BTW, I have found grapefruit seed extract (available at health food stores) more effective than Maalox, Pepto, and their kin for G-I ailments.
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Old 11-06-2013, 02:39 PM   #48
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I just ordered one of these (and a couple of other things ) from ebags, which can lay on the top of the fresh water tank in the Interstate. Baggallini, zip-out shopping tote, ripstop nylon, water resistant, etc. 17" x 17", on sale for $19.99. Love baggallini.

Maggie
This arrived today, and is absolutely perfect for its chosen purpose, in my estimation. Very sturdy handles, fabric and double zipper, and just the right size for us.

Our adult children have paid very close attention to our bug-out bag musings....even the one who teased about preparing for the apocalypse (not) is now talking of bulking up their basement emergency area for his family of five.

We are ziploc-bagging or vacuum sealing the contents, are also going to add a large-ish, brightly colored tag to the handle.


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Old 11-07-2013, 03:10 PM   #49
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We found one of these at a marina store this past trip, love it and have purchased another for our bug-out bag.

Under $10, uses 3AAA batteries and you could seriously signal a search party or land planes with this item.....it is that bright.

About the size of a large highlighter/magic marker.

Nebo Larry Light 8 Led Work light with Magnetic clip


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Old 11-07-2013, 03:24 PM   #50
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Dang, wish they sold that here in Canada, looks really neet!

That type of item doubles in price because of the shipping and "handling" costs these days.
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Old 11-07-2013, 03:43 PM   #51
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We got the recent one off Amazon.com, where you can get free shipping with a certain $ amount order.

Or, if adult son has an account with free shipping that works, too.



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Old 11-09-2013, 08:15 AM   #52
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We are ready.

Our final list:

Hand charger for cell phone
Water purification tablets
Katydyn collapsible 1-quart water bottle
Multi-tool
Pocket knife
First Aid kit
Small Flashlight/extra batteries
100-hour emergency candles (2)
Mylar emergency blankets
Waterproof Match Container/matches
Folding knife/spoon/forks
Collapsible bowls
The 2-oz Backpacker Problem Solving Manual
Baby Wipes
Collapsible toothbrushes/small toothpaste
Hand Sanitizer
Spare Eyeglasses/Contact Lenses/Contacts cleaner/wetting solution
Small bag travel size toiletries
Clif Bars
Trail Mix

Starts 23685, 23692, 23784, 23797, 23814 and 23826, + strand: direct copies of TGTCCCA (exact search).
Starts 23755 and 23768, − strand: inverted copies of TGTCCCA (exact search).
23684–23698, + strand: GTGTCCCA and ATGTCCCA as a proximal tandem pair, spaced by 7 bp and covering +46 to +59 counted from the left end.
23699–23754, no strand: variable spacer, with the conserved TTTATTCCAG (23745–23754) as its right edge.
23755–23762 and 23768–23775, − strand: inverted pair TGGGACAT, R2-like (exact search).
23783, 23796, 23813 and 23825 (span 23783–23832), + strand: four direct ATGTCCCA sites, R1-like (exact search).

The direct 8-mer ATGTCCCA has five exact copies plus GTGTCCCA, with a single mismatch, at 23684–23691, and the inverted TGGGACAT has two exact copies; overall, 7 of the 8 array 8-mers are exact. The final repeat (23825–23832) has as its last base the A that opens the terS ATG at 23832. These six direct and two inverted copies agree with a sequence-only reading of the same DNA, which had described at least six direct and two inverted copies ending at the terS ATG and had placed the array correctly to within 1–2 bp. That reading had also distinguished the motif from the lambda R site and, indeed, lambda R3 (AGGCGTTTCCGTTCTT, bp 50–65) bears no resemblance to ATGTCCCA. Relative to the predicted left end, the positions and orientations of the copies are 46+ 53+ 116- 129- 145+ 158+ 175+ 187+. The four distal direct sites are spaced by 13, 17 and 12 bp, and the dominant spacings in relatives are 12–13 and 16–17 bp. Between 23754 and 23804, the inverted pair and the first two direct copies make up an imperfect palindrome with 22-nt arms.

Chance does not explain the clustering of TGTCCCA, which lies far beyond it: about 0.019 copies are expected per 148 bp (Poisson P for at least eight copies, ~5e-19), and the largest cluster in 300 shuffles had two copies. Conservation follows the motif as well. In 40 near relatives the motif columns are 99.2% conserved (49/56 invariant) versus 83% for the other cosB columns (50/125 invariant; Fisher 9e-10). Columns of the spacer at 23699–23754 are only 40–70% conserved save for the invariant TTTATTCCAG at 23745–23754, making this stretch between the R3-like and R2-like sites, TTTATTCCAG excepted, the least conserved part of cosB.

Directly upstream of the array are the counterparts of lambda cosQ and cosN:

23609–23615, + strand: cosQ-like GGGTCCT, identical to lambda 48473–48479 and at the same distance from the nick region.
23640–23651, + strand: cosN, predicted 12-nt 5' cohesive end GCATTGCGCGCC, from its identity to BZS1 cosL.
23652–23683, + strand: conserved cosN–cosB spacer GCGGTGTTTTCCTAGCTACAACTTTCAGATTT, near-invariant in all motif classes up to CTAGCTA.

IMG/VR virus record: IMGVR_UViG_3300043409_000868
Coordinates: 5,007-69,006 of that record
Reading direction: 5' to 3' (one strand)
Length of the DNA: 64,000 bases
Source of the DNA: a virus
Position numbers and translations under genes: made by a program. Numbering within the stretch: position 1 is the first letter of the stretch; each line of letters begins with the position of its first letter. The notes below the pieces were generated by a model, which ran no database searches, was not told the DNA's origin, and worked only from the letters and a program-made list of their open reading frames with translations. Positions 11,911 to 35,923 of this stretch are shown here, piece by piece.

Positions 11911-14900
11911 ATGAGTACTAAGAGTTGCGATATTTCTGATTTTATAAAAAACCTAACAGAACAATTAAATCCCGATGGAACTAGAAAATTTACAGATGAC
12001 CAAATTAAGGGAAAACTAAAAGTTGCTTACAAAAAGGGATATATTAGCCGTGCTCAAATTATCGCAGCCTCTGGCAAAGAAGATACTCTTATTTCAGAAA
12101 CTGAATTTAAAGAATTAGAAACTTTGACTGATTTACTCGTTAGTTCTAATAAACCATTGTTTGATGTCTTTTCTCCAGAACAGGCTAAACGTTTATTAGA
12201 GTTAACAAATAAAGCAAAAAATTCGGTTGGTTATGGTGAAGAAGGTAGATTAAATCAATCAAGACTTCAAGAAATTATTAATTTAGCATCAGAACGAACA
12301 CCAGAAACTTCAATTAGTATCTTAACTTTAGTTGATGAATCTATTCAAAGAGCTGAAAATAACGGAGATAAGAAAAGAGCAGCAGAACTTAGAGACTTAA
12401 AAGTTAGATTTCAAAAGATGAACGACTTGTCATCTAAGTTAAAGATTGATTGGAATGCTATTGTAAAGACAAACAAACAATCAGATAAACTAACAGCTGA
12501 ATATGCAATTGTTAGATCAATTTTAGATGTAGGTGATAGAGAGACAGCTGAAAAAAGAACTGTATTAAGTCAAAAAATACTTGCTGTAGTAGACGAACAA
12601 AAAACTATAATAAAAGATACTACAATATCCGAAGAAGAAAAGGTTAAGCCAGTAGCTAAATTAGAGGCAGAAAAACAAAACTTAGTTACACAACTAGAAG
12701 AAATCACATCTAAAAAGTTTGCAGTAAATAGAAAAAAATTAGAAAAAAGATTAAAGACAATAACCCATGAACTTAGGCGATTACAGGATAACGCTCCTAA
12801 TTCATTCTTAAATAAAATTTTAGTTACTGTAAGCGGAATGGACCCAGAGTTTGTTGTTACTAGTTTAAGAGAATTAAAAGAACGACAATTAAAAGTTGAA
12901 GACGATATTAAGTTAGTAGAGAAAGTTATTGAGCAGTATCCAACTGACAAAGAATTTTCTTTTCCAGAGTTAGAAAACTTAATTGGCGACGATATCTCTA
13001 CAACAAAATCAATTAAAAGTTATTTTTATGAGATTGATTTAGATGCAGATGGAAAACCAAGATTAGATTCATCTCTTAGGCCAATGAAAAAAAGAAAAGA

Dog Food
Plastic bags
A little $

To grab if we have to leaven our stick house or the Interstate:

Meds


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Old 11-09-2013, 11:40 AM   #53
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A little $
Food for thought, rather than leaving cash in your kit, you might want to get an equivalent amount of traveler's checks. Thanks to debit cards you don't see traveler's checks very often anymore, but American Express still sells them. And it's insured money. If you lose them, you can get the money back. Unlike cash.

However, make sure your kit includes at least one roll of quarters, for vending machines, laundromats, etc.
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Old 11-09-2013, 12:23 PM   #54
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Food for thought, rather than leaving cash in your kit, you might want to get an equivalent amount of traveler's checks. Thanks to debit cards you don't see traveler's checks very often anymore, but American Express still sells them. And it's insured money. If you lose them, you can get the money back. Unlike cash.

However, make sure your kit includes at least one roll of quarters, for vending machines, laundromats, etc.
Good ideas, Protag.

Had not at all thought about quarters. We have a quarter depository in the Interstate, for laundry and car washes.

Hate going into those places and finding the change machines not working.


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Old 11-10-2013, 11:51 AM   #55
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Food for thought, rather than leaving cash in your kit, you might want to get an equivalent amount of traveler's checks. Thanks to debit cards you don't see traveler's checks very often anymore, but American Express still sells them. And it's insured money. If you lose them, you can get the money back. Unlike cash.

However, make sure your kit includes at least one roll of quarters, for vending machines, laundromats, etc.
Maybe just make sure ahead of time that places where you are likely to shop still take them. With ATMs being so common, they've become a thing of the past for a lot of merchants. But I would second bringing extra cash and quarters, because ATMs could be down in a power outage or be emptied out.
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Old 11-10-2013, 12:07 PM   #56
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We have actually come across places that do not take traveler's checks, period.

My thought about these, primarily, is that there could be difficulty cashing them in one's own area during massive power outages and destruction of infrastructure. I recall that huge ice storm in Missouri, etc, several years ago, where some areas remained without power for weeks.

They would be helpful, though, if one were leaving the area, such as evacuating for a hurricane.

Cash might be the best local medium of exchange.

BTW, cash is not and will not be kept inside our bug-out bag. It has its own secret spot.


Maggie